B.C. Boat and Sportsmen's Show
Deep Running Giant Salmon
This angler is casting to the far side of the river where a deep slot has formed two seams; note the line animations. To fish it properly the angler casts upstream, beyond the slot, and then drifts through it as the leader makes its way downstream, this kind of presentation is the hallmark of “drift-fishing”. Note that the current of this river flows from the left to the right.

It’s true that fishing popular spots will produce more fish but those same reaches of water are usually devoid of giant salmon, but that’s not where I want to fish. Fantastic fishing stories are born from equally fantastic salmon and the best place to find them are in deep, fast, turbulent waters; this is where adventurous anglers want to be. There are several things that need discussing before heading out to fish for giant salmon. Anglers must embrace that conventional fishing is not a factor here and to hook into these fish they’ll have to do is gather all the gear and put it together, which includes using light line and heavy weights, read water, relearn to cast, and employ fighting techniques designed specifically for light-line fishing for monstrous salmon. Don’t worry, it doesn’t mean that fishermen will have to use really small test, just “smaller” than normal test for salmon fishing. All of these techniques and applications come together nicely and can be learned on a single fishing trip. Remember, the larger a fish is the older it tends to be and consequently more finicky, so the first thing to consider is fishing gear put together prior to heading out the door.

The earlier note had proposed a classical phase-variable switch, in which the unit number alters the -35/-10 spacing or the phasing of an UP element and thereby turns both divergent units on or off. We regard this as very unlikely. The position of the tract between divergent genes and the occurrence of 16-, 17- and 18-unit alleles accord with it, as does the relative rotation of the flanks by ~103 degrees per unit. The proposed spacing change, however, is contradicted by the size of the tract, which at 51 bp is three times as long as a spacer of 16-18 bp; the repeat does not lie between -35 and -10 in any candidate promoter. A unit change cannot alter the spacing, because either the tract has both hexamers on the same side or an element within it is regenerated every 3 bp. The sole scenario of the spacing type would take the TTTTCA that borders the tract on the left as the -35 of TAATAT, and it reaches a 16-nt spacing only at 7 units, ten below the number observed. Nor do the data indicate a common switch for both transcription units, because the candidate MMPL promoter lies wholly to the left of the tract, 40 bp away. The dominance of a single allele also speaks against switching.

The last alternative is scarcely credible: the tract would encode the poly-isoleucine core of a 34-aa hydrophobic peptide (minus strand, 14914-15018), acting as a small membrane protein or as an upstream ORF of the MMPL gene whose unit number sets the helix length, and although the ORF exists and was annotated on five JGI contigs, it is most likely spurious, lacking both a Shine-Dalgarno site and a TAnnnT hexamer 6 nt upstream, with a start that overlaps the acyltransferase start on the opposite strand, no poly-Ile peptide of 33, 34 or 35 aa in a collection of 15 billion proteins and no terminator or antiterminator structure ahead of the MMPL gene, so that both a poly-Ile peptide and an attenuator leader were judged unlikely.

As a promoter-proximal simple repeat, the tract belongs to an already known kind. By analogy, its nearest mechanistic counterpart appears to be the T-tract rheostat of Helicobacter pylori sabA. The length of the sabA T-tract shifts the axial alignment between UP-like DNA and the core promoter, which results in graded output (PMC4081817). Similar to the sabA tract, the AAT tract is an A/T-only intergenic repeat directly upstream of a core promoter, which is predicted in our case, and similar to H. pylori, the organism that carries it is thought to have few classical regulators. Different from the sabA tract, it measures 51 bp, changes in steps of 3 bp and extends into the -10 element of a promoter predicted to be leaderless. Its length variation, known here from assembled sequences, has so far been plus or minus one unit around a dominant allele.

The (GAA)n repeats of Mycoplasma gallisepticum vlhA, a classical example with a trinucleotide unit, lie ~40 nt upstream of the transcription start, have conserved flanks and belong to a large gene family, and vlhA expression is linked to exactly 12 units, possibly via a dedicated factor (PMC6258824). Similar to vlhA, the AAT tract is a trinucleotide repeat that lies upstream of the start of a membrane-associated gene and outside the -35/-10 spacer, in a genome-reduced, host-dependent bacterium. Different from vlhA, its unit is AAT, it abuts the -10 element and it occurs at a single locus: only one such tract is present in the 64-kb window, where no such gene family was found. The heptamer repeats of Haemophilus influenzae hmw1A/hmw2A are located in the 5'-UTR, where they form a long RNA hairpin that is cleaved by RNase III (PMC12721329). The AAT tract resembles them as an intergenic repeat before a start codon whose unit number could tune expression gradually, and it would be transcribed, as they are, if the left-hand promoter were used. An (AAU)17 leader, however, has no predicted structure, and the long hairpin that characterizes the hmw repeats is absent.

Light line, heavy weights, and longer leaders are key elements of fishing gear that get down to giant salmon. Leader line should never be heavier than twelve-pound test, limber, and invisible.
Really huge salmon are relatively old fish, for their species, and have learned to survive by avoiding large line that is easily seen. Heavier weights get down through fast water into the slow currents found beneath them. Weights almost never need to be more than two-ounces. If the water is so fast that even two ounces can’t get down simply cast further upstream to give it more time to get down. Longer leaders will keep the attention large salmon focused on the hook with drift presentations. Terminal gear close to the leader’s offering can sometimes be distracting and that means fewer solid hook-sets. Use these three basic elements of gear and giant salmon will stay on the bite; they keep the pressure off and the bite on. With all the gear gathered and put together it’s time to hit the river.